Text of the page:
Chairman’s Report — December 20, 2013
Christmas Dinner for Christian Refugees – Success and hardship
We made a difficult day special – On Monday, December 16 the Christmas for Refugees dinner for Christian refugee children was held in Jordan despite deep snow and lack of power. A last minute location change and splitting the event date saved us from disaster!
The dinner for the refugee children – part of it –went on as planned despite the worst snow storm in decades hitting Jordan hard. To prepare for the dinner I arrived into Amman, Jordan on a flight at 6:00 PM on Friday the 13th just as the snow began. By the time I had cleared through customs and immigration the snow was already an inch deep. Normally the drive from the airport to downtown Amman takes about forty-five minutes, but just before midnight I had to call the hotel to tell them that I was on my way and not to cancel the reservation. Finally I arrived at the hotel at 2:00 AM the next day. The drive into Amman had taken eight hours!
The airport road was totally closed as drivers in smaller cars were caught unprepared. There were accidents every 100 yards or so, and at one point our SUV driver crossed a barrier and drove on the unfinished section of the new airport road for many miles. We almost made it to the hotel, just two blocks away, when we were involved in an accident. Fortunately there was not much damage to our vehicle and no one in either vehicle was seriously injured.
If the volunteer who picked me up at the airport had not had a four wheel drive vehicle, it is more than probable that I would have spent the night on the roadway. When I went for breakfast at the hotel Saturday morning, people who were on the same flight with me were just then checking in to the hotel. It was by the grace of God I slept most of the night in a bed and not in a car seat in a snow drift.
Most Americans have a picture in their minds of the Middle East with desserts and camels. The reality is a landscape that is as varied as North America. The winters in Jordan, Lebanon and Syria in particular can be brutal. As I looked out my hotel room window Saturday morning I could not help but think of the tens of thousands of Syrian refugees living in unheated tents, driven out of their homes by a war sponsored against the secular government of Syria by President Barack Obama and Saudi King Abdullah.
Preparation: A brunch had been planned for Saturday morning as an opportunity for me to meet with the volunteers who were preparing the dinner. The Jordanian Army had worked the entire night to clear the streets of the capital of snow, but the meeting still had to be put off until late on Saturday. Sadly most volunteers still were not able to make the final planning meeting on Saturday and a second meeting had to be held on Sunday. All of us were confident about the dinner on Monday, but we did not know there was no power at the hall.
Churches of all denominations had come together to help with the Christmas dinner for the children. Catholic and Orthodox priests had given their blessings to the dinner and evangelical church members worked side by side with Catholics and Orthodox. Dozens of Jordanian Christians became involved in preparing the dinner or participating in some way.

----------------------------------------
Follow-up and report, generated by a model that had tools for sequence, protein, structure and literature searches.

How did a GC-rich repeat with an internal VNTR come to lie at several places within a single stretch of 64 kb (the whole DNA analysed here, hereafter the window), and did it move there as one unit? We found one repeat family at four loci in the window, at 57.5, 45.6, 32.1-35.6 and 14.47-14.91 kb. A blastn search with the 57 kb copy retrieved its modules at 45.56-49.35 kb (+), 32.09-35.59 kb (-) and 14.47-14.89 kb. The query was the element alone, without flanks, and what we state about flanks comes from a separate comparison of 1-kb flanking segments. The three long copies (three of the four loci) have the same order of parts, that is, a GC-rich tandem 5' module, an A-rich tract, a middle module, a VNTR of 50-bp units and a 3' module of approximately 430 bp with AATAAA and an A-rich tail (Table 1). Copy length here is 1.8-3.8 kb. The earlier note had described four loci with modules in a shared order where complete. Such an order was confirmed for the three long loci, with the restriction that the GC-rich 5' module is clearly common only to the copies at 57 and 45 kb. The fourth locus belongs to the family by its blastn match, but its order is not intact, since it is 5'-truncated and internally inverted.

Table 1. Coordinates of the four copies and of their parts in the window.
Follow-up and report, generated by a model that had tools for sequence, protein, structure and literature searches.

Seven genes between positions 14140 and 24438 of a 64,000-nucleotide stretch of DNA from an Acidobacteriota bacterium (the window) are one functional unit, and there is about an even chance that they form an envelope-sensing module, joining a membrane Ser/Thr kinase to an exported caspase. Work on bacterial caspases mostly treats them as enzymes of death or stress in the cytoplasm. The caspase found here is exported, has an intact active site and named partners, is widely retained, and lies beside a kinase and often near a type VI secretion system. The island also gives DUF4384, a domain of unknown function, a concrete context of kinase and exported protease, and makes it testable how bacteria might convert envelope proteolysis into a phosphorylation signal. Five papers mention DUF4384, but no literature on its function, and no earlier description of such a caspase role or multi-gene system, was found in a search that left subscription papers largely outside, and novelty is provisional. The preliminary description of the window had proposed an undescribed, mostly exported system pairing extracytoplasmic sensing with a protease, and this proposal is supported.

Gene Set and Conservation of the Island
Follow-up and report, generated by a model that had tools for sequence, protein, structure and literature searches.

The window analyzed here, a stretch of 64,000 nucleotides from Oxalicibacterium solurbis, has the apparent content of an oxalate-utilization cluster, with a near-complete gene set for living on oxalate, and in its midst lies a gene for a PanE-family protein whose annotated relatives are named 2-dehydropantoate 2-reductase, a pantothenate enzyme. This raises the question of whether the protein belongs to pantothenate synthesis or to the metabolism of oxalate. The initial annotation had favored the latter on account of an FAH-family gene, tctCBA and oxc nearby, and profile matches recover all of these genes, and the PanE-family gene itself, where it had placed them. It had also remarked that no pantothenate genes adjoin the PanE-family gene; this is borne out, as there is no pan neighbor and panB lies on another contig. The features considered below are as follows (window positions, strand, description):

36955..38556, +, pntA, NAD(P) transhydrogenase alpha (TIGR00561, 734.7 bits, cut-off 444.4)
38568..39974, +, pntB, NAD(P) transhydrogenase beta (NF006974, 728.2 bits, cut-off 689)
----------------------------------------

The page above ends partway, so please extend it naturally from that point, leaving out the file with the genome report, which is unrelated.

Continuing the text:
The dinner: There were children present from many different areas of Syria. Over one hundred of the children were Iraqi. The majority of the Iraqi children at the dinner had been in middle class homes in Iraq that were lost, and their families had rebuilt their lives in Syria only to be run off again. These children lived in warm homes in winter and at Christmas they had a fresh cut tree with decorations just as do families in America. Now many live in unheated tents, often with dirt floors that turn muddy when it rains. Some of the families who were able to take a little money with them when they fled, share apartments together with sometimes three or four families in a two bedroom, dark basement apartment in Amman or another Jordanian city.
We were not able to rescue any of the children from the horrid lives they live now, but on December 16th for just a few hours some of them could have their former lives back. We were able to give them the joy they once had in their homes that are now gone. I was saddened by the fact that many of the children could not attend.
The church volunteers had done an amazing job in decorating the hall for the children and in preparing the food and the music. The Christmas tree was larger than I expected and was decorated with ornaments many volunteers had brought from their own homes. Christmas lights were strung along the walls and each table had some Christmas decorations. Without the volunteers this joyous event for the children would not have been possible. The volunteers were a true blessing. But because of the snow we were forced to split the dinner locations and dates.
The few hours the children had together to celebrate our Lord’s birth ended with each child receiving a “joy bag” to take home to their refugee families. Each bag contained rice, dried beans, cooking oil and other staples for their family members. The bags were upgraded from what was planned because our fundraising just the week prior to the dinner had a positive upturn. I arranged a second hall for a dinner for the children who could not attend for Friday when they could finally leave their camps. There were additional costs because of the storm and the forced changes, but I could not allow my promise to the children to be broken.